Equality and Inequality
This sample targets the following changes to the curriculum:
- The general outcome: "Represent algebraic expressions in multiple ways" has changed in that it is being applied from Grade 1 through Grade 12 in the new curriculum; whereas in the 1997 curriculum it had no specific outcomes from Kindergarten through Grade 5. The 2007 curriculum widens the scope of the study of relationships. "The search for possible relationships involves collecting and analyzing data and describing relationships visually, symbolically, orally and in written form" (Alberta Education 2007, p. 8). The latter part regarding the various modes in which relationships could be described is identical to the previous curriculum; however, the addition of "the search for possible relationships" and "describing relationships" expands the field, as can be seen when examining the changes to the specific outcomes.
- The specific outcomes in Grade 1 through Grade 5 are new. The specific outcomes address equality and inequality and writing equations using variables. The former addresses an area of serious need, as research reveals that students' misconceptions of the equal sign were preventing them from successfully understanding and solving for equalities. Students were interpreting the equal sign as "do something," not as "the same as" (Van de Walle and Lovin 2006). Writing equations with variables was often happening in classrooms, but was not always recognized. When students were asked to solve for the box in an equation such as 5 + □ = 9, the box was a variable. So as early as Grade 1 students were often faced with equations with variables. By Grade 3, problem solving sometimes included using a single variable in an algebraic expression. The 2007 curriculum recognizes the students' need to have a clear understanding of equality and inequality right from the start; therefore, it sets out standard expectations for students in elementary grades for the concepts of equality and inequality and the use of variables.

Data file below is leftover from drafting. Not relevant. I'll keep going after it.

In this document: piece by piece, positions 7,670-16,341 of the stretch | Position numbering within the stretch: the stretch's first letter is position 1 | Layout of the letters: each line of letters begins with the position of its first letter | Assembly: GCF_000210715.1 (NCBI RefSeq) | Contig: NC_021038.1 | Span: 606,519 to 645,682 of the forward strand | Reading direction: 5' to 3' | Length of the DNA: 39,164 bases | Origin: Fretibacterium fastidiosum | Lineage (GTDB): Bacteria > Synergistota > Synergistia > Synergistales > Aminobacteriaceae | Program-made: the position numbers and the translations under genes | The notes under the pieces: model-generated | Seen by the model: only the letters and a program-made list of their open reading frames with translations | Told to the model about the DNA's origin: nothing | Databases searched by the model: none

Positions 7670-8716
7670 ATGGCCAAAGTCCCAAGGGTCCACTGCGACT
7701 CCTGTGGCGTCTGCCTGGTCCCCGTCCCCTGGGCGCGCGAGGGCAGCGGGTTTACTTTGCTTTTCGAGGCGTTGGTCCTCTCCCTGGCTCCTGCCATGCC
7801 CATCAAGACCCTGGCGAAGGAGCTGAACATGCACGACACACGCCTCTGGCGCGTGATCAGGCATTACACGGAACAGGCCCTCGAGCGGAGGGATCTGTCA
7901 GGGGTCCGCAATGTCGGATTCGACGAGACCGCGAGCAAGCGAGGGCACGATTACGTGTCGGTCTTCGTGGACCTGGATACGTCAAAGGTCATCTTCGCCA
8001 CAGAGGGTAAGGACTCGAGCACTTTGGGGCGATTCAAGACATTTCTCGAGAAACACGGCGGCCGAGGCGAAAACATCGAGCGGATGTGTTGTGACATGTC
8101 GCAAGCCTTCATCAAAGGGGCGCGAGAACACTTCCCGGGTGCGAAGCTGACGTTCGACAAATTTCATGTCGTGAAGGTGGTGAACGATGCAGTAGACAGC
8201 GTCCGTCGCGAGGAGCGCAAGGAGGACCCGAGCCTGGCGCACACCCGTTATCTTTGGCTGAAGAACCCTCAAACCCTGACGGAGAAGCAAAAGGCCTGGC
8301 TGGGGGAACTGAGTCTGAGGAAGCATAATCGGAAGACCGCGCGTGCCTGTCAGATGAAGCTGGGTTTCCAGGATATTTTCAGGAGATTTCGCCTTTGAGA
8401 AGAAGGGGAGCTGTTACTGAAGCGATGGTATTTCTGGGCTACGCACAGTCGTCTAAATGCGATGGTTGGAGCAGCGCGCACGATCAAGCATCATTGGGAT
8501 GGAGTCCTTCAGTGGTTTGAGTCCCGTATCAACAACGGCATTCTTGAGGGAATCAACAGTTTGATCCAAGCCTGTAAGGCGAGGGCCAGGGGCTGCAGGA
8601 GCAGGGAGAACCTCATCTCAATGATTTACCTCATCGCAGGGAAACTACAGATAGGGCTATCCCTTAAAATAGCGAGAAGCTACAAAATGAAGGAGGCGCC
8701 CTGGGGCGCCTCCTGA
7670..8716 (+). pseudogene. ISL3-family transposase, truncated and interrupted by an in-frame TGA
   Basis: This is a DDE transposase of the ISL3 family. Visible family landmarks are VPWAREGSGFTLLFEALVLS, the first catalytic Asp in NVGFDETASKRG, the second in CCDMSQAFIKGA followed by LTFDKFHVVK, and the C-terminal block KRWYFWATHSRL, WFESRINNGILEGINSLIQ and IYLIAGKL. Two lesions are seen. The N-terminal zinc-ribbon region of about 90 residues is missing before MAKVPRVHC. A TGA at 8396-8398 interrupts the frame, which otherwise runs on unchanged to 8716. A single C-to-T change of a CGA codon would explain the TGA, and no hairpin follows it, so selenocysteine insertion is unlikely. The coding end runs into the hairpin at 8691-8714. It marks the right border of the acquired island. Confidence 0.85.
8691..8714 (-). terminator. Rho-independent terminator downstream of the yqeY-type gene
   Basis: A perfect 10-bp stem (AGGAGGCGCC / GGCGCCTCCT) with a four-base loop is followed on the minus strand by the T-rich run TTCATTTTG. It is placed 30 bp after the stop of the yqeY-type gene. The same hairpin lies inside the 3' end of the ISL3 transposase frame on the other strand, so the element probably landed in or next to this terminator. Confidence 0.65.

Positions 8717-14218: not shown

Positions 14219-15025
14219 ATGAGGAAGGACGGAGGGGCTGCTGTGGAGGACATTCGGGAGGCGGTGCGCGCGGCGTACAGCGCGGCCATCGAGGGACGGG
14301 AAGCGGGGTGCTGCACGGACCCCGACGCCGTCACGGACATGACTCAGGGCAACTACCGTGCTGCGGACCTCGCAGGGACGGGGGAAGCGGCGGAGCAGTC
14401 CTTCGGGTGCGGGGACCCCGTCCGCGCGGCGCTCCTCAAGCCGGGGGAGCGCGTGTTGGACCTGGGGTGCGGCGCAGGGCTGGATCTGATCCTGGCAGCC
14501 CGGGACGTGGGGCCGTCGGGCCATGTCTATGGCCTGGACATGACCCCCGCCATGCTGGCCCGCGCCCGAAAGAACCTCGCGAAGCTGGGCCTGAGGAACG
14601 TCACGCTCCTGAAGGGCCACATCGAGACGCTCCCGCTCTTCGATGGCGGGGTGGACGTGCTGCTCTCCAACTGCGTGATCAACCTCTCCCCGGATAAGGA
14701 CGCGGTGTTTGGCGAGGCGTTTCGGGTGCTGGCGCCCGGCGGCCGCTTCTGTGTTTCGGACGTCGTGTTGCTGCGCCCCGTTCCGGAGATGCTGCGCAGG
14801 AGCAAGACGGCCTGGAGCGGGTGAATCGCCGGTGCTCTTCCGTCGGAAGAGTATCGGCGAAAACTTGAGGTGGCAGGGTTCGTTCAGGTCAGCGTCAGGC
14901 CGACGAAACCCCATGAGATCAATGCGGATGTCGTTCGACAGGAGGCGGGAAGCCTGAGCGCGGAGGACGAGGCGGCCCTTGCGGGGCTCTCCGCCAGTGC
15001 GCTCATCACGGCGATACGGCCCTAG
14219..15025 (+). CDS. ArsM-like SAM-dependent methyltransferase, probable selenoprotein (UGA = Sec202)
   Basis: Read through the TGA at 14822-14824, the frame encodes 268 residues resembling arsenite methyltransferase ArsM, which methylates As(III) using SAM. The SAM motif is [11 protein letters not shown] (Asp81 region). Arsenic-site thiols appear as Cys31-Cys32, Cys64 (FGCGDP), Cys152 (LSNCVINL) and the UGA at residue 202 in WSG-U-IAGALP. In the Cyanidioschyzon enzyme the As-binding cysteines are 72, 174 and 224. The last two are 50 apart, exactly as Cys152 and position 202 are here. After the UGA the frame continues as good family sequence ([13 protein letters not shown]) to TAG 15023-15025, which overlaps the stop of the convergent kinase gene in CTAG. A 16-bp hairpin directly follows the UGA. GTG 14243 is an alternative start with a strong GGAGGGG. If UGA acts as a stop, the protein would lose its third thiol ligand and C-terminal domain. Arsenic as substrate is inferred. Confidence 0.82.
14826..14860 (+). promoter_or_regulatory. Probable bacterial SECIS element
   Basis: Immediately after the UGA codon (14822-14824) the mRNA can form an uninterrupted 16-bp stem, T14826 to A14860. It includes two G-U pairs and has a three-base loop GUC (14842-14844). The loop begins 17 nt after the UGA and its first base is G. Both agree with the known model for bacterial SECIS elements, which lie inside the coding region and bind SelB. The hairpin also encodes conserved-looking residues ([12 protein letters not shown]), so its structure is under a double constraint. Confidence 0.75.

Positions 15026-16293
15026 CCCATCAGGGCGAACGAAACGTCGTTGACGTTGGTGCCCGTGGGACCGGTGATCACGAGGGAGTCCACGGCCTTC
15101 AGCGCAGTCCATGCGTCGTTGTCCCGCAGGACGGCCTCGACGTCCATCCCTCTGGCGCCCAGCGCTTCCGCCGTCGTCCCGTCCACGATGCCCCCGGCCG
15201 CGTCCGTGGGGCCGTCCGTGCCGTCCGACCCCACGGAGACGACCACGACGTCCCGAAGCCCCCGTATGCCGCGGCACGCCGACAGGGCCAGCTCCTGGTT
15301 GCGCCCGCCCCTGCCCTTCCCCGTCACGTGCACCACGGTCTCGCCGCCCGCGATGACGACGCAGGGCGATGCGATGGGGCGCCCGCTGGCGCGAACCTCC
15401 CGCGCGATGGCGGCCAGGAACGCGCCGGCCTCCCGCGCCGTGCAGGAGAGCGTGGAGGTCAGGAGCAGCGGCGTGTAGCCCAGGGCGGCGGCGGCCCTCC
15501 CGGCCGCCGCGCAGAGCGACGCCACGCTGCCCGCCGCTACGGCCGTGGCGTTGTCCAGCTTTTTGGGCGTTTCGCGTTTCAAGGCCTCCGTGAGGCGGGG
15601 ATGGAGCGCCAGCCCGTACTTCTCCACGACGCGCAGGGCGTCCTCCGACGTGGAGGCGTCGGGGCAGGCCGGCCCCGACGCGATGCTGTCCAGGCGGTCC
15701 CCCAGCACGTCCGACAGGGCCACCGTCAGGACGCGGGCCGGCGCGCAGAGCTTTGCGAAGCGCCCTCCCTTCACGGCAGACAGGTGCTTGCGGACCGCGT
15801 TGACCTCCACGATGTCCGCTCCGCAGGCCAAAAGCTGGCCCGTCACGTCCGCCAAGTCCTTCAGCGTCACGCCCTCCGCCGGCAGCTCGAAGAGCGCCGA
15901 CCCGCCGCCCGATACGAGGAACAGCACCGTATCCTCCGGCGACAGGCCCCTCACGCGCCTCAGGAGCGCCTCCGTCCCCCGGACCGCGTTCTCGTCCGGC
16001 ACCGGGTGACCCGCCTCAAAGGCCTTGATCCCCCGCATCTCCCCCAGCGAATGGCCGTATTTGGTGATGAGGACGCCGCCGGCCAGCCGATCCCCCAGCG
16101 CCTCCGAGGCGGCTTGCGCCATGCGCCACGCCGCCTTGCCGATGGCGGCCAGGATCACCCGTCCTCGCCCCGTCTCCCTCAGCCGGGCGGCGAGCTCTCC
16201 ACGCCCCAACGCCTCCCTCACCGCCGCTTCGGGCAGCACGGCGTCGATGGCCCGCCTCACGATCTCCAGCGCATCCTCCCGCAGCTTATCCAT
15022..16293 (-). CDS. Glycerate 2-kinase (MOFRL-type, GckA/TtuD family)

Equality and Inequality addresses the following outcomes from the Program of Studies:
What is a Planning Guide?
Planning Guides are a tool for teachers to use in designing instruction and assessment that focuses on developing and deepening students' understanding of mathematical concepts. This tool is based on the process outlined in Understanding by Design, by Grant Wiggins and Jay McTighe.
The following steps will help you through the Planning Guide:
See Bibliography for reference information.